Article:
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A view of the Mehrangarh Fort, Jodhpur, Rajasthan
A view of Jaswant Thada

Jodhpur is the second largest city in the Indian state of Rajasthan and officially the second metropolitan city of the state. It was formerly the seat of a princely state of the same name. The capital of the kingdom was known as Marwar. Jodhpur is a popular tourist destination, featuring many palaces, forts and temples, set in the stark landscape of the Thar Desert.


  • Standing on the ramparts of the Jodhpur fort — on a level with the highest wheelings of the vultures, whose nests are on the ledges of the precipices beneath the walls — one looks down on to the roofs of the city, hundreds of feet below. And every noise from the streets and houses comes floating up, diminished but incredibly definite and clear, a multitudinous chorus, in which, however, one can distinguish all the separate component sounds — crying and laughter, articulate speech, brayings and bellowings and bleatings, the creak and rumble of wheels, the hoarse hooting of a conch, the pulsing of drums. I have stood on high places above many cities, but never on one from which the separate sounds making up the great counterpoint of a city's roaring could be so clearly heard, so precisely sifted by the listening ear. From the bastions of Jodhpur Fort one hears as the gods must hear from their Olympus — the gods to whom each separate word uttered in the innumerably peopled world below comes up distinct and individual to be recorded in the books of omniscience.
  • Ajit Singh… sent a message humbly asking that Khan Zaman and the Kaziu’I-Kuzat might come into Jodhpur, to rebuild the mosques, destroy idol-temples, enforce the provisions of the law about the summons to prayer and the killing of cows, to appoint magistrates and to commission officers to collect the jizya. His submission was graciously accepted, and his requests granted…
  • “Once upon a time a temple had been constructed in Jodhpur. The Sultãn sent the Qãzî of Mandû with orders that he should get the temple demolished. He had said to him, ‘If they do not demolish the temple on instructions from you, you stay there and let me know.’ When the Qãzî arrived there, the infidels refused to obey the order of the Sultãn and said, ‘Has Ghiyãsu’d-Dîn freed himself from lechery so that he has turned his attention to this side?’ The Qãzî informed the king accordingly. He climbed on his mount in Mandû and reached Jodhpur in a single night. He punished the infidels and laid waste the temple…”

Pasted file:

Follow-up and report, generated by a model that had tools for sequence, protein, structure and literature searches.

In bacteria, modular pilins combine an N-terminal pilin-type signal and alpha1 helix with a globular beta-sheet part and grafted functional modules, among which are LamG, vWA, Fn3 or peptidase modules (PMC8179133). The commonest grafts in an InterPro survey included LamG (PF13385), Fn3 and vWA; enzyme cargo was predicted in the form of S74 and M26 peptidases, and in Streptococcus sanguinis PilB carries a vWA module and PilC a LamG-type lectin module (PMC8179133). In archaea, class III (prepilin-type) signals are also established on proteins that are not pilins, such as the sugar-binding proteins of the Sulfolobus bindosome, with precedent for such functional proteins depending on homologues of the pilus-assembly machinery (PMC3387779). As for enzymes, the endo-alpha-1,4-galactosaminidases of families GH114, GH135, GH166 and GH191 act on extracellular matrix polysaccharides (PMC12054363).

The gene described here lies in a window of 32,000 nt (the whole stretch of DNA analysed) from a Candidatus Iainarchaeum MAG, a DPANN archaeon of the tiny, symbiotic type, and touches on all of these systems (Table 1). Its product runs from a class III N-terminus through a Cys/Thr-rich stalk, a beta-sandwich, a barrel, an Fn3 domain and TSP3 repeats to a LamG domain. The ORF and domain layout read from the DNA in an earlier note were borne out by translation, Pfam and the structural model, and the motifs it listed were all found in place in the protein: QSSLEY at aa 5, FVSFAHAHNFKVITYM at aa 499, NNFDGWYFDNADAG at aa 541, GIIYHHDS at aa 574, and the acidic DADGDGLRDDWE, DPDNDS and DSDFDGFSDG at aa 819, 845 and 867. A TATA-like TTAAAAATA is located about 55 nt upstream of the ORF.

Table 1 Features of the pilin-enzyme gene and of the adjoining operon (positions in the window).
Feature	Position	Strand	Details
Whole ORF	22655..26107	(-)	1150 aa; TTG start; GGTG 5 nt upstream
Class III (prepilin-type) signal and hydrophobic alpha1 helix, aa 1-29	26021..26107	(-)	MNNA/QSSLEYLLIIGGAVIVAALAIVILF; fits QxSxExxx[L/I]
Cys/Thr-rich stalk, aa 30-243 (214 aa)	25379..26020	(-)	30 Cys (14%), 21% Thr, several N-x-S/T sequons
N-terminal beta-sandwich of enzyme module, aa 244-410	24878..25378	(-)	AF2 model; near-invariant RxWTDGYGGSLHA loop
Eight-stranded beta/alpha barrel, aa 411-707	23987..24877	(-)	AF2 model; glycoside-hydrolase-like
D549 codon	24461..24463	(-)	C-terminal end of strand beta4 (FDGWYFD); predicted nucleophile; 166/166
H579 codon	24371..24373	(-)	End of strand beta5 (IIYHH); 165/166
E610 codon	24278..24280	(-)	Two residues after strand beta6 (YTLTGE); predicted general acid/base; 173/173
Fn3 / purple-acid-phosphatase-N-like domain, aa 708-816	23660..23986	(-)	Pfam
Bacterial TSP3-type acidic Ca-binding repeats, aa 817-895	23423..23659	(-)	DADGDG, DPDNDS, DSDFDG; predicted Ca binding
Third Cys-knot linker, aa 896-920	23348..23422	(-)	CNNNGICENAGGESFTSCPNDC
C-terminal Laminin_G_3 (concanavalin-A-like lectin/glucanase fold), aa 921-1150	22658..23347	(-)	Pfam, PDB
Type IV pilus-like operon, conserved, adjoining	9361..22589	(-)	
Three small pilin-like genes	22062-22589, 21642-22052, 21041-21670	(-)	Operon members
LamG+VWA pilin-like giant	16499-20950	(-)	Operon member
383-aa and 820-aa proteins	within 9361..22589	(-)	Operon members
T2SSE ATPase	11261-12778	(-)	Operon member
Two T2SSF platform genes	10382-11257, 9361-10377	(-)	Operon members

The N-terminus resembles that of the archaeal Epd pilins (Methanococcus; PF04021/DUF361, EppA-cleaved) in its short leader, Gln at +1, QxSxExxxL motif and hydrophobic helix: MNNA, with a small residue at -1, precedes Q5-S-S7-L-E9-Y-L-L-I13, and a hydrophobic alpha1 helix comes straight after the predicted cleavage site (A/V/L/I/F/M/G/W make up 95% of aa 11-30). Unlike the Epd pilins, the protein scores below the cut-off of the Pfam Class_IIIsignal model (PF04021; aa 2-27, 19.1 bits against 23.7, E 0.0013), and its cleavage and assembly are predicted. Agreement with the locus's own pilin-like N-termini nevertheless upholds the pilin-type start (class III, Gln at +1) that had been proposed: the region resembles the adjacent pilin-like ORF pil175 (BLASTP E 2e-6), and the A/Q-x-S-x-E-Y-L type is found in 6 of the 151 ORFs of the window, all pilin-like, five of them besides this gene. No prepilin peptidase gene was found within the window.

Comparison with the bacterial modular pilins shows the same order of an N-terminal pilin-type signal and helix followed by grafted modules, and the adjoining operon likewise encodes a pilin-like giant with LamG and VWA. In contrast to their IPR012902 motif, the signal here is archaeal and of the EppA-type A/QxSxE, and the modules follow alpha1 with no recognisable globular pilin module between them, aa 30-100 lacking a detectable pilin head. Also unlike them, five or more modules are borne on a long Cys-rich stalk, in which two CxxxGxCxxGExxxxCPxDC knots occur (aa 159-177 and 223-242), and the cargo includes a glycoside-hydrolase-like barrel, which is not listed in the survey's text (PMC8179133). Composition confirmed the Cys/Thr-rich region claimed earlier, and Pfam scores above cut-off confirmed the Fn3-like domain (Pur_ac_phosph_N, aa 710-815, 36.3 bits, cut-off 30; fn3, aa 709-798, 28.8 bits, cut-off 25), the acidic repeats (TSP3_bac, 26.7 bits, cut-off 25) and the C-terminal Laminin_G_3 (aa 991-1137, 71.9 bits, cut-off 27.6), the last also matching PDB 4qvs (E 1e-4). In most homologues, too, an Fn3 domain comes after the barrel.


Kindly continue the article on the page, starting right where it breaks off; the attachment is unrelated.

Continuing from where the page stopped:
• About Sultãn Ghiyãsu’d-Dîn Khaljî of Malwa (AD 1469-1500) at Jodhpur (Rajasthan) Wãqi‘ãt-i-Mushtãqî in S.A.A. Rizvi in Uttara Taimûr Kãlîna Bhãrata, Aligarh, 1958, Vol. II 138
  • 25 May 1679: ‘Khan-i-Jahan Bahadur returned from Jodhpur after demolishing its temples, and bringing with himself several cart-loads of idols. The Emperor ordered that the idols, which were mostly of gold, silver, brass, copper or stone and adorned with jewels, should be cast in the quadrangle of the Court and under the steps of the Jama Mosque for being trodden upon.’
    • Aurangzeb. Akhbarat. Jadunath Sarkar, History of Aurangzib, Volume III, Orient Longman, New Delhi, 1972 reprint, pp. 185–89., quoted from Shourie, Arun (2014). Eminent historians: Their technology, their line, their fraud. Noida, Uttar Pradesh, India : HarperCollins Publishers.
    • Different translation: On Sunday, the 25th May/24th Rabi. S., Khan Jahan Bahadur came from Jodhpur, after demolishing the temples and bringing with himself some cart-loads of idols, and had audience of the Emperor, who highly praised him and ordered that the idols, which were mostly jewelled, golden, silvery, bronze, copper or stone, should be cast in the yard (jilaukhanah) of the Court and under the steps of the Jam'a mosque, to be trodden on. They remained so for some time and at last their very names were lost' [25 May 1679] (Maasir-i-alamgiri, translated into English by Sir Jadu-Nath Sarkar, Calcutta, 1947, pp. 107-120, also quoted in part in Shourie, Arun (2014). Eminent historians: Their technology, their line, their fraud. Noida, Uttar Pradesh, India : HarperCollins Publishers.)

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